From: Nature, International weekly journal of Science http://www.nature.com/
Scientists have found genetic blueprints for a protein that plays a key role in communication between brain cells.
That could help them develop new drugs for treating a variety of problems, including depression, epilepsy, pain, schizophrenia and Alzheimer's disease, said Tage Honore, head of nervous system research at Novartis Pharma Inc. in Basel, Switzerland.
Scientists from Novartis report their work in the March 20, 1997 issue of the journal Nature.
The blueprints tell the body how to make two versions of the GABA-B receptor. Many brain cells send squirts of the substance GABA to each other as one way to communicate. The GABA-B receptor is one of the structures that GABA grabs to exert its effects, either on the cell that releases the GABA or another cell.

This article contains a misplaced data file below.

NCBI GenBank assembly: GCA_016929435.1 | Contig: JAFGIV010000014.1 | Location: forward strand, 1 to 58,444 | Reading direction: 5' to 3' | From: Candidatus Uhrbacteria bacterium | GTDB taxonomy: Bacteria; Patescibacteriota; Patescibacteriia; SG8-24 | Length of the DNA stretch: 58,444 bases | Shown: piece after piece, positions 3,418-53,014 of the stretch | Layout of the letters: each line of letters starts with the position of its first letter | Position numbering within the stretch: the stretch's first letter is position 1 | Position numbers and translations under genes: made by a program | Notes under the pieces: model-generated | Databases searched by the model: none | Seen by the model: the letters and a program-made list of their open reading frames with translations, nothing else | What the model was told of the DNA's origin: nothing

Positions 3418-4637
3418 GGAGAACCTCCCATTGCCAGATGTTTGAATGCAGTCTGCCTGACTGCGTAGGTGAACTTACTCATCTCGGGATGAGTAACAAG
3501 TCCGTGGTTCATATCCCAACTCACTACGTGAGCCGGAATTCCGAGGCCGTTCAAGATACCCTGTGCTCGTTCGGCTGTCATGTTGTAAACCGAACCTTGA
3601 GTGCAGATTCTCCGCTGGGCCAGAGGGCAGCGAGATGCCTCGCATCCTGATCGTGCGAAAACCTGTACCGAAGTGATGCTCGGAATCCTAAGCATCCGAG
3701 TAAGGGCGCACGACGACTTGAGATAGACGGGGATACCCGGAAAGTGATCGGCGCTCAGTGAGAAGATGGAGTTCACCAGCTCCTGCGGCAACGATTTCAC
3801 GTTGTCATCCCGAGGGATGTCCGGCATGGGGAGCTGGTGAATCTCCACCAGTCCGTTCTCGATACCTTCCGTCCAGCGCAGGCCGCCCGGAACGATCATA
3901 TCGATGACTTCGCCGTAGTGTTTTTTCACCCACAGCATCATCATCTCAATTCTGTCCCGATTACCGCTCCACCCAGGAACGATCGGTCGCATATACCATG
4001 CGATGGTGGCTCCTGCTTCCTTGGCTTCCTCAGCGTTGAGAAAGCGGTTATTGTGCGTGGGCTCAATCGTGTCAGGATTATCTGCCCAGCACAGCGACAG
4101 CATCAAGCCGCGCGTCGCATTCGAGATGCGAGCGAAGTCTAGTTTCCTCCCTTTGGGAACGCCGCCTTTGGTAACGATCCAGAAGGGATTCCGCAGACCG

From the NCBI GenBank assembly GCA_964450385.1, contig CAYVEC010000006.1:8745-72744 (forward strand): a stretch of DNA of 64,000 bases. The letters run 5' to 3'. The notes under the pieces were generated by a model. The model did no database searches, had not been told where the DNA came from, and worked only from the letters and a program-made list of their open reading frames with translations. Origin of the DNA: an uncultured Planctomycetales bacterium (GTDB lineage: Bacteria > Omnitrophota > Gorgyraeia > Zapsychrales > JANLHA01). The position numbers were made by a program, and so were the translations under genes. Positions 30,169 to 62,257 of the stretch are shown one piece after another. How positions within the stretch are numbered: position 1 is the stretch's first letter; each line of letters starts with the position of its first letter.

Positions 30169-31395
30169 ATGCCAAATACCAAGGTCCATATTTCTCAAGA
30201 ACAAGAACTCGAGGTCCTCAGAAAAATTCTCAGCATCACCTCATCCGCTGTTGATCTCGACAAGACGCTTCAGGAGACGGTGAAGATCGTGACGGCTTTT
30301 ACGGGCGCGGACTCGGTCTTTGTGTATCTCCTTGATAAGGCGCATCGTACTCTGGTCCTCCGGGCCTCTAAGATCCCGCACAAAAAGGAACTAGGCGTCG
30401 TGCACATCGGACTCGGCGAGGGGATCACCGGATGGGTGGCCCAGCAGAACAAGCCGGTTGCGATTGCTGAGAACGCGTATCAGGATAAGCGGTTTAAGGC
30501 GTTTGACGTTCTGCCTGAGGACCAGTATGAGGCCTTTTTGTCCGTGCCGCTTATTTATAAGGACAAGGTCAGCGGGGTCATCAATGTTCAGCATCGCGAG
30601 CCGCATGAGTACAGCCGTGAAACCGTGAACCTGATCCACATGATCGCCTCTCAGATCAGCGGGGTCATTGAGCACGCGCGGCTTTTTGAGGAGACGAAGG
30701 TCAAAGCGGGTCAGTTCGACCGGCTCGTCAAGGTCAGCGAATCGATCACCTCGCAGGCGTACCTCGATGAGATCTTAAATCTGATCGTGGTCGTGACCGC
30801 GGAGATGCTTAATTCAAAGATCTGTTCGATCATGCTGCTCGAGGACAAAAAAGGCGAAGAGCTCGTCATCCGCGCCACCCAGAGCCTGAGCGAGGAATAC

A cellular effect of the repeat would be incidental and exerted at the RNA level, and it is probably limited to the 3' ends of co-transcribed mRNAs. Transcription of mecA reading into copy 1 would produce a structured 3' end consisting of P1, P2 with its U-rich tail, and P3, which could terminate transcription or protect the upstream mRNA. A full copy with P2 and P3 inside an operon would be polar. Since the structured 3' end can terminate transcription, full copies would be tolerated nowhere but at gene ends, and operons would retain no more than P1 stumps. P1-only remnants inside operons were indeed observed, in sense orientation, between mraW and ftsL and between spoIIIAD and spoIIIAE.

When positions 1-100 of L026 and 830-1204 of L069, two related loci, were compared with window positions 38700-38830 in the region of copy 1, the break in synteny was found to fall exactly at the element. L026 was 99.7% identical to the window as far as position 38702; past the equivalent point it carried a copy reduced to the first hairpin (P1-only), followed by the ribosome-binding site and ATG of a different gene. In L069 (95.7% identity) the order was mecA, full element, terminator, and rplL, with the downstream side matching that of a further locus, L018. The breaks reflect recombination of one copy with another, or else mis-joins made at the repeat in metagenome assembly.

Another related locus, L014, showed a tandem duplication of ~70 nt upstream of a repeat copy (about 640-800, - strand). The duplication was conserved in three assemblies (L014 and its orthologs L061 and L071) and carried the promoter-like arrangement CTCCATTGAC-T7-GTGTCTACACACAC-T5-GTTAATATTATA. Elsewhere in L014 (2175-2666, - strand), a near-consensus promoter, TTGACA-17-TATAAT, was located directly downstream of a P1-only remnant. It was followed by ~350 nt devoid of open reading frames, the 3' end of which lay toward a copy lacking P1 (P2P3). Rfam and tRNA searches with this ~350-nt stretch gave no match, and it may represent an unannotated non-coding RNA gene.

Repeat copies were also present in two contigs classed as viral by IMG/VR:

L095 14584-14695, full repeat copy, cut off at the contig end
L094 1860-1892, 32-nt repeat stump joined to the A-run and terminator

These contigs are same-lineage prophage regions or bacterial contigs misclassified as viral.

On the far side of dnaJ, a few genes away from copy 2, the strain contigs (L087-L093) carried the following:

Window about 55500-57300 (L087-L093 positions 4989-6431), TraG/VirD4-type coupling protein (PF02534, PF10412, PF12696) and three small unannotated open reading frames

The drug baclofen, used to treat spasticity, also grabs onto the GABA-B
receptor. The new work should help scientists find other drugs that target
various versions of the receptor.
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